According to the MoD website, day to day control of Operation Sinbad has now been handed over to the Iraqi authorities, with British forces now relegated to a supporting role.
This marks the penultimate step in the process of "managed retreat" from Iraq which has been evident since August last. There are now only a few more months to go before large numbers of British troops leave the theatre with no replacements planned.
The news coincides with the announcement by secretary of state Browne that a further 800 British troops will be sent to fight the Taleban in southern Afghanistan, although this only increases the commitment by 300 as 500 British personnel are to be pulled out of Kabul.
So well has the ground been prepared for this strategic realignment – not least by the apparently spontaneous statement by the CGS Richard Dannatt in October last - that the media (and opposition politicians) have not raised even a murmur.
As regards Dannatt, he said then that his comments were not "substantially new or substantially newsworthy" and we said that he was simply preparing the ground for the eventual withdrawal from Iraq, acting entirely in accordance with government policy and intentions.
So easily have the gullible media fallen for it though that, currently, their main obsession is with the "friendly fire" incident in 2003 when two US A-10s fired on British forces, causing the death of one soldier.
This gives a convenient cover for a bit of Yank bashing, which is much more enjoyable than getting to grips with the equipment issue, over which the media has completely lost the plot.
Funnily enough, even though this means Browne has got away with posing on top of a Bulldog APC and not a single journalist has given him a hard time over the delay in introducing the Mastiffs, the government is getting sickened by the superficiality of the approach to defence issues. One of our family cats (pictured top left) offers more perceptive comment than the entire press corps combined.
One response to the more general lack of debate is the lament by defence minister Adam Ingrams at the end of the British Army debate, where he agreed that we should have more defence debates, but – to an empty chamber – said that he just wished "that more hon. Members would participate in them."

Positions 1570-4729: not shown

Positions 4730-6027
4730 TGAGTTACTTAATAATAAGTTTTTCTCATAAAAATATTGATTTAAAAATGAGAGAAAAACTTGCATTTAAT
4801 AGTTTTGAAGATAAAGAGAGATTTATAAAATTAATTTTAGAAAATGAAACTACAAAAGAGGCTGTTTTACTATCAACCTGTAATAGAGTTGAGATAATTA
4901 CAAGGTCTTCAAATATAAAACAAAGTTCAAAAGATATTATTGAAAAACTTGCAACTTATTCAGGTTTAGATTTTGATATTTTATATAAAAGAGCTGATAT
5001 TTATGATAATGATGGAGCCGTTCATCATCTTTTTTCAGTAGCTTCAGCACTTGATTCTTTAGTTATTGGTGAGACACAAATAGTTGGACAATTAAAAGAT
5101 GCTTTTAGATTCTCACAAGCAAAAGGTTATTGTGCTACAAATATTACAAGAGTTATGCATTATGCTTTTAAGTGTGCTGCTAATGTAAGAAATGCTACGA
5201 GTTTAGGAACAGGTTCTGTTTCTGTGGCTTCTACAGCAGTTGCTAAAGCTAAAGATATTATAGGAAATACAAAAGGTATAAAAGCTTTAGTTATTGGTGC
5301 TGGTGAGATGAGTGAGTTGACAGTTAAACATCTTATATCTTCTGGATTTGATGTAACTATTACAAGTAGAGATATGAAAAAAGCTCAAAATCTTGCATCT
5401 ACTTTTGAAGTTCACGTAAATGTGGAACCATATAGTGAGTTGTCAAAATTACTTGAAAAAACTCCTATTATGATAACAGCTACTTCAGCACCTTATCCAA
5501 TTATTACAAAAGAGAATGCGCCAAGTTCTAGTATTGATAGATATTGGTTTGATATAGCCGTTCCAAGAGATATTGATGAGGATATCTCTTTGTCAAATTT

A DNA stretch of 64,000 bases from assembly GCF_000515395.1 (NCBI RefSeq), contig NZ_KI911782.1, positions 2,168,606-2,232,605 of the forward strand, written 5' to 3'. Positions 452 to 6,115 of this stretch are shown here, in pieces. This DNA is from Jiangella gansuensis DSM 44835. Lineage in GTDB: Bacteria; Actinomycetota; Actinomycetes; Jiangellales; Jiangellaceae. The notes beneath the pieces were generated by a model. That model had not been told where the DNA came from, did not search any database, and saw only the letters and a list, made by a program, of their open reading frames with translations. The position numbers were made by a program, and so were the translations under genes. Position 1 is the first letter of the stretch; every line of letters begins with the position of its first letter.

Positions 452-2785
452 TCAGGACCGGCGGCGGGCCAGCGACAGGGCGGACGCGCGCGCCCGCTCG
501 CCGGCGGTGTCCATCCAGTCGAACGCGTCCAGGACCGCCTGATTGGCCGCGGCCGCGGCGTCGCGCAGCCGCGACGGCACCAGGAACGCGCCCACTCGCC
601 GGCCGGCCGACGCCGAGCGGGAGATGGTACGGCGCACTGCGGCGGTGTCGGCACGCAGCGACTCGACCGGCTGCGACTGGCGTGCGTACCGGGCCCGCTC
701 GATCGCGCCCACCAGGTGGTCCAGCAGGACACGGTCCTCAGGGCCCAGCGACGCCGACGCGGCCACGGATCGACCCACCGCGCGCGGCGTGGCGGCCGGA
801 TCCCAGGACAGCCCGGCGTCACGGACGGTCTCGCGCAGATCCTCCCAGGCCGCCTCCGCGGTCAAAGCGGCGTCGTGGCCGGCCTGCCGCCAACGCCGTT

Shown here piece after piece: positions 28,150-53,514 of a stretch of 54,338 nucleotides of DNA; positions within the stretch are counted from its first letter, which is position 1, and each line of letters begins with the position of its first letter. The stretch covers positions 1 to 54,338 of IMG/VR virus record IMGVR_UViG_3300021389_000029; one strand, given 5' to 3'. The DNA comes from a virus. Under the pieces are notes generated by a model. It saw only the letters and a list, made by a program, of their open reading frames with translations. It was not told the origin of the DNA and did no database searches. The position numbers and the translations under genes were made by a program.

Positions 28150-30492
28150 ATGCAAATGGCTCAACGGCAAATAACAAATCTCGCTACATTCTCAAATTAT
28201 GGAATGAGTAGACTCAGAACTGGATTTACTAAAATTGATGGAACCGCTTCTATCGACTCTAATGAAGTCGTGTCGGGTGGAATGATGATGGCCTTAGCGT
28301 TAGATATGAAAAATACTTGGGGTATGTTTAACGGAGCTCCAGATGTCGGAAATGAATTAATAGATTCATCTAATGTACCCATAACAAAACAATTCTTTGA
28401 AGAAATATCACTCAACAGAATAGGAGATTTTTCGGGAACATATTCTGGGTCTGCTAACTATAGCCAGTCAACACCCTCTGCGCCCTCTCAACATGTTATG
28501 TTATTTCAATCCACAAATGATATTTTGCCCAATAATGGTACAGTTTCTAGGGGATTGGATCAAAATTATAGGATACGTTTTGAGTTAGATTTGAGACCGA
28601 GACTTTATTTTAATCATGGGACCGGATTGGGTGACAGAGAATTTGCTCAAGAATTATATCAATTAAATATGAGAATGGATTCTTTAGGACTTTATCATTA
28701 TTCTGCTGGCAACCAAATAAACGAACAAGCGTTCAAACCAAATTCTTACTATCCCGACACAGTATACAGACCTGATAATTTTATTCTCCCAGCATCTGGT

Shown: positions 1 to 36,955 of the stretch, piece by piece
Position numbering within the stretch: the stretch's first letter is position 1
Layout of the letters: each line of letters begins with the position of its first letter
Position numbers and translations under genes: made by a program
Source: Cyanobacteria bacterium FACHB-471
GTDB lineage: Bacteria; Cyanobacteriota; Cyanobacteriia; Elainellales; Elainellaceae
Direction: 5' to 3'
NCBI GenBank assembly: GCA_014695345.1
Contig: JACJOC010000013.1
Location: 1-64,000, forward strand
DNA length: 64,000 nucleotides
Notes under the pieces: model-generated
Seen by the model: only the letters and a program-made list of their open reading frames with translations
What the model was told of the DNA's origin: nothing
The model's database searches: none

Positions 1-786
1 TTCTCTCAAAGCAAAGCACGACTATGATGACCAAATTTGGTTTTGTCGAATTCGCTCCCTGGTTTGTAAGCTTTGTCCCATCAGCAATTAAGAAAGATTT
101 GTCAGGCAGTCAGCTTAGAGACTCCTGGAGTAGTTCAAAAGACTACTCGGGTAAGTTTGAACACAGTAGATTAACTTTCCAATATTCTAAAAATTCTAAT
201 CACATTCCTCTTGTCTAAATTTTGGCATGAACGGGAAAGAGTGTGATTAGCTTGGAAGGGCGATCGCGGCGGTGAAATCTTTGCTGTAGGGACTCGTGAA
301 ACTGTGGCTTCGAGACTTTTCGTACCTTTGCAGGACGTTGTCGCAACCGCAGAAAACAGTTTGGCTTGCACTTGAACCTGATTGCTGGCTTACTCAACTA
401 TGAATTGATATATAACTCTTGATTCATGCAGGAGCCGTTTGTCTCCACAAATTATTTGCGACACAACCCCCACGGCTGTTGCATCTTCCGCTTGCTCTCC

We have there a vicious circle. MPs do not attend because there is no media attention, and there is no media attention because so few members attend.
But perhaps the media - having recast itself as part of the entertainment industry - have it right. Apart from the "Boys Own" garbage trotted out by the media, there is very little appetite for serious defence reporting so anyone interested in maintaining readership levels – whether old or new media – will avoid the issue like the plague.
It is extremely unlikely, therefore, that you will read in either media the news that the US Marine Corps Systems Command has awarded General Dynamics Land Systems-Canada an Indefinite Delivery, Indefinite Quantity (IDIQ) contract and an initial delivery order for the testing, production and support of four Mine Resistant Ambush Protected (MRAP) vehicles.
The MRAP vehicles will provide improved protection for troops from mines, improvised explosive devices and other threats. A possible follow-on production contract could call for the delivery of up to 4100 vehicles.
And guess what. The MRAP vehicle is based on the highly successful RG-31 Mk5 - which has saved so many lives. US forces have already ordered or received 424 RG-31s and the decision of the USMC to go for another 4,000 demonstrates their commitment to winning the war in Iraq.
By the same token, that it will be later this month before we have just 20 Mastiff "Mine Resistant Ambush Protected" vehicles in Iraq, demonstrates the level of British commitment. And the failure of British journalists even to notice demonstrates more than words can ever say, their level of commitment to good journalism.